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From: Michael Andre-Driussi <mantis@sirius.com>
Subject: (whorl) metallic lifeforms, artificial worlds
Date: Thu, 13 May 1999 15:02:00 

Greg Neyman wrote:

>but the basic nutrients will be there, stuff life amino acids and simple
>lipids ... there was this experiment conducted a few years ago ... a student
>created a proto-earth-like environment in a class tube ... methane/ammonia
>rich air ... UV and electrical (lightning) bombardment ... the next morning,
>he had simple organic chemical chains dripping from the electrodes ...
>chemicals that were compatible with earth life.

Yes, but actually, as I understand it, the experiments you describe
produced =both= Left-handed and Right-handed amino acids, in equal amounts.
The odd thing is, all life on Earth is built from Left-handed amino acids.

So what happened to all the Right-handed DNA lifeforms?  Or is D-DNA life
just somehow impossible, and L-DNA the only life in the galaxy/universe?

The situation is rather similar to the question facing astronomy regarding
anti-matter: if anti-matter was created at the Big Bang, then where is it
today?  If it was created in amount equal to that of matter, as it seems it
should have, then mutual annihilation would have taken out both.  Puzzling.
But astronomy at least has stars to look at--xenobiology is still purely

>I don't see
>why terraforming robots necessarily need to be self aware ... anymore so
>than the pathfinder probe that's rusting on mars right now is "self-aware"
>... the path finder probe was limitedly self-aware ... it knew it was the
>thing that was to respond to all instructions from earth ... and that's all
>the terraforming robots need to know ... they're the agents that will be
>enacting all implanted commands ... they maybe very complex commands, ones
>that demand a very sophisticated AI, but that doesn't necessarily demand

Well, using the Pathfinder as a terraforming role model is flawed, since
Pathefinder was relying upon human feedback with a relatively short delay
cycle, whereas terraforming will have a delay cycle of years or decades
(hmmm, still . . . there's an idea!  Since the terraforming process takes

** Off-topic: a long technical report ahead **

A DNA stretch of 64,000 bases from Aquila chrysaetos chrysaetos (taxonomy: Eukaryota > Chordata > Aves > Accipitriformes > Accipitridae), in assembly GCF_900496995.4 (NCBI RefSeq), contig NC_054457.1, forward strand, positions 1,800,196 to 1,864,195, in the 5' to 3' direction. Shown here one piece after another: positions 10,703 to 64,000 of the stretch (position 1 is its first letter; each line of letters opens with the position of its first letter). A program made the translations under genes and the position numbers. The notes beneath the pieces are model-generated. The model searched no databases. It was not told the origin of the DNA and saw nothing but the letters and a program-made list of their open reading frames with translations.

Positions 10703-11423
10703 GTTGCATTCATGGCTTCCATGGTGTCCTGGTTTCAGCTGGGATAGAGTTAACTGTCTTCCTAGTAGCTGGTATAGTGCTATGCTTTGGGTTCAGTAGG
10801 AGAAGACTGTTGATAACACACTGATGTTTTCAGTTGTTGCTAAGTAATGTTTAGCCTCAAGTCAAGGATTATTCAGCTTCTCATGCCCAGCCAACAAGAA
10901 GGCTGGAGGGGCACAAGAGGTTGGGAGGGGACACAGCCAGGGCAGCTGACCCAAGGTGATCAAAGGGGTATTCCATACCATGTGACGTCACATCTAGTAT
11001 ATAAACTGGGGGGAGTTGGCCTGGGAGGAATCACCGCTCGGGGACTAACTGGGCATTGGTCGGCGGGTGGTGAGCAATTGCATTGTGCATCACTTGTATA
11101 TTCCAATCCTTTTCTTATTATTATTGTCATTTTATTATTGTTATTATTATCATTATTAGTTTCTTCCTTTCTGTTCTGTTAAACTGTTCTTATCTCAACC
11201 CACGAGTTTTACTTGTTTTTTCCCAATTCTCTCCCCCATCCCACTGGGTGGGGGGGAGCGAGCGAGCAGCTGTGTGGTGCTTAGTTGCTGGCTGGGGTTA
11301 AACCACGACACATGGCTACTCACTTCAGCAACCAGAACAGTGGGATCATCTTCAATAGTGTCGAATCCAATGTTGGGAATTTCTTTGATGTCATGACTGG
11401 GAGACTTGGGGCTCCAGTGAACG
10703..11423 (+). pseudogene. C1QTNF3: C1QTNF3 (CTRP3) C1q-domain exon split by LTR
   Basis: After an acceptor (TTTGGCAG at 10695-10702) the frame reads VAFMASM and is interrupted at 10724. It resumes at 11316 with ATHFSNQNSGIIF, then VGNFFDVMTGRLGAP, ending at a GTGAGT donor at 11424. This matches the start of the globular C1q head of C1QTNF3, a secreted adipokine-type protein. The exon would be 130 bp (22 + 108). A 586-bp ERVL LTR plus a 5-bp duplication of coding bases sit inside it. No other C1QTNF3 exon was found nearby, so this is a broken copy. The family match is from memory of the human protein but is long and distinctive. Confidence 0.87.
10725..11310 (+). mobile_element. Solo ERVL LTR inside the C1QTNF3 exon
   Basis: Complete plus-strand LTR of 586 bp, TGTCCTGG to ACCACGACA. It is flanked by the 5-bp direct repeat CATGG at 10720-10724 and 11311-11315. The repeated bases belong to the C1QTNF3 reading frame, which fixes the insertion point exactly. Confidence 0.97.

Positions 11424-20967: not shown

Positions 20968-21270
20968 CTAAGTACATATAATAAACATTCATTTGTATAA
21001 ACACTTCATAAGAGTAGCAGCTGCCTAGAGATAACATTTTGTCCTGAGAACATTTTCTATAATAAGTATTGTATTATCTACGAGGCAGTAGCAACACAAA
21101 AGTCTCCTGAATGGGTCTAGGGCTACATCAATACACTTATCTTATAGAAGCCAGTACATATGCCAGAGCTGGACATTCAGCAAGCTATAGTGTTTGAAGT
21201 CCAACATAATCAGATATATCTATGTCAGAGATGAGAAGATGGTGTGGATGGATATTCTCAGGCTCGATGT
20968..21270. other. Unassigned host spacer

so long anyway, maybe phone home for questions?  Ah, but who will answer
the phone?).  But granted, terraforming robots don't need to be self-aware,
but as I meant to say, it sure would be handy, since it seems that it would
at the very least have to know when it was "hungry" (GOTO refuel
subroutine), "hurt" (GOTO self-repair subroutine), and "horny" (GOTO
singles bar subroutine).  If the robot is not self-replicating, then the
mission is nearly hopeless or so overweighted with an army of robot
one-shots that you might as well send humans--the robots have been priced
out of the market (prohibitively expensive star flight).

And if Von Neumann-style reproducing robots are used, then it looks a lot
like "life"; which is why I brought up that detail about the ethics of
exterminating even a disease on Earth today.  Nevermind if it is self-aware
or not.

Now then--on to something new.

Artificial Worlds.

What happens to lifeforms on a world that is completely artificial?  We are
aware of how various details of a planet work their way into the lifeforms;
even how continents shape the lifeforms into their own signature design.

Niven's Ringworld is a case where, iirc, humanoids have expanded to fill
every ecological niche.  So there are grazer humanoids, and carnivore
humanoids, and ghoul humanoids, and vampire humanoids, etc.  Yes, Stapledon
did a similar thing, but in Niven's case it brings us closer to Gene
Wolfe's beastmen scenarios, from "Tracking Song" (which even has strong
hints of terraforming) through "The Tale of the Boy Called Frog" and so on.

Maybe relating to the worlds of Blue and Green.

Maybe relating to Saint Anne and Saint Croix.  Depends on how we read that
scenario.  If it is the real star I think it is, then the human explorers
would believe it could not harbor habitable planets . . . not =natural=
ones, at least.  But sure, it could easily handle a terraformed world or
two (in fact, it would be =prime real estate= for those capable of doing
such things, because the long life of the star), and the freaky "twin
planet" set-up could help keep both planets rotating, maintaining
habitability for both.

This is highly speculative!  There is no direct hint that the worlds were
built from scratch by some forerunner starfaring race.  And there are the
usual cans of worms involved, etc.  But the Point I'm trying to convey
right now is that: if it =is= a pair of artificial worlds, this might go a
ways toward explaining how very messed up and artificial-seeming all the
humanoids are--that is, they are being shaped by their physical
environment, in the same way that Ringworld shapes humanoids into grazers,
carnivores, ghouls, etc.  And their flaws reflect, mimic, mirror the
hidden-yet-present flaws of the planet.

Wolfe is keenly aware of how environment shapes the lifeforms, a fact his
readers are well aware of.  So this 5HC thought may be fanciful but it is
well within Wolfe's field of interest.


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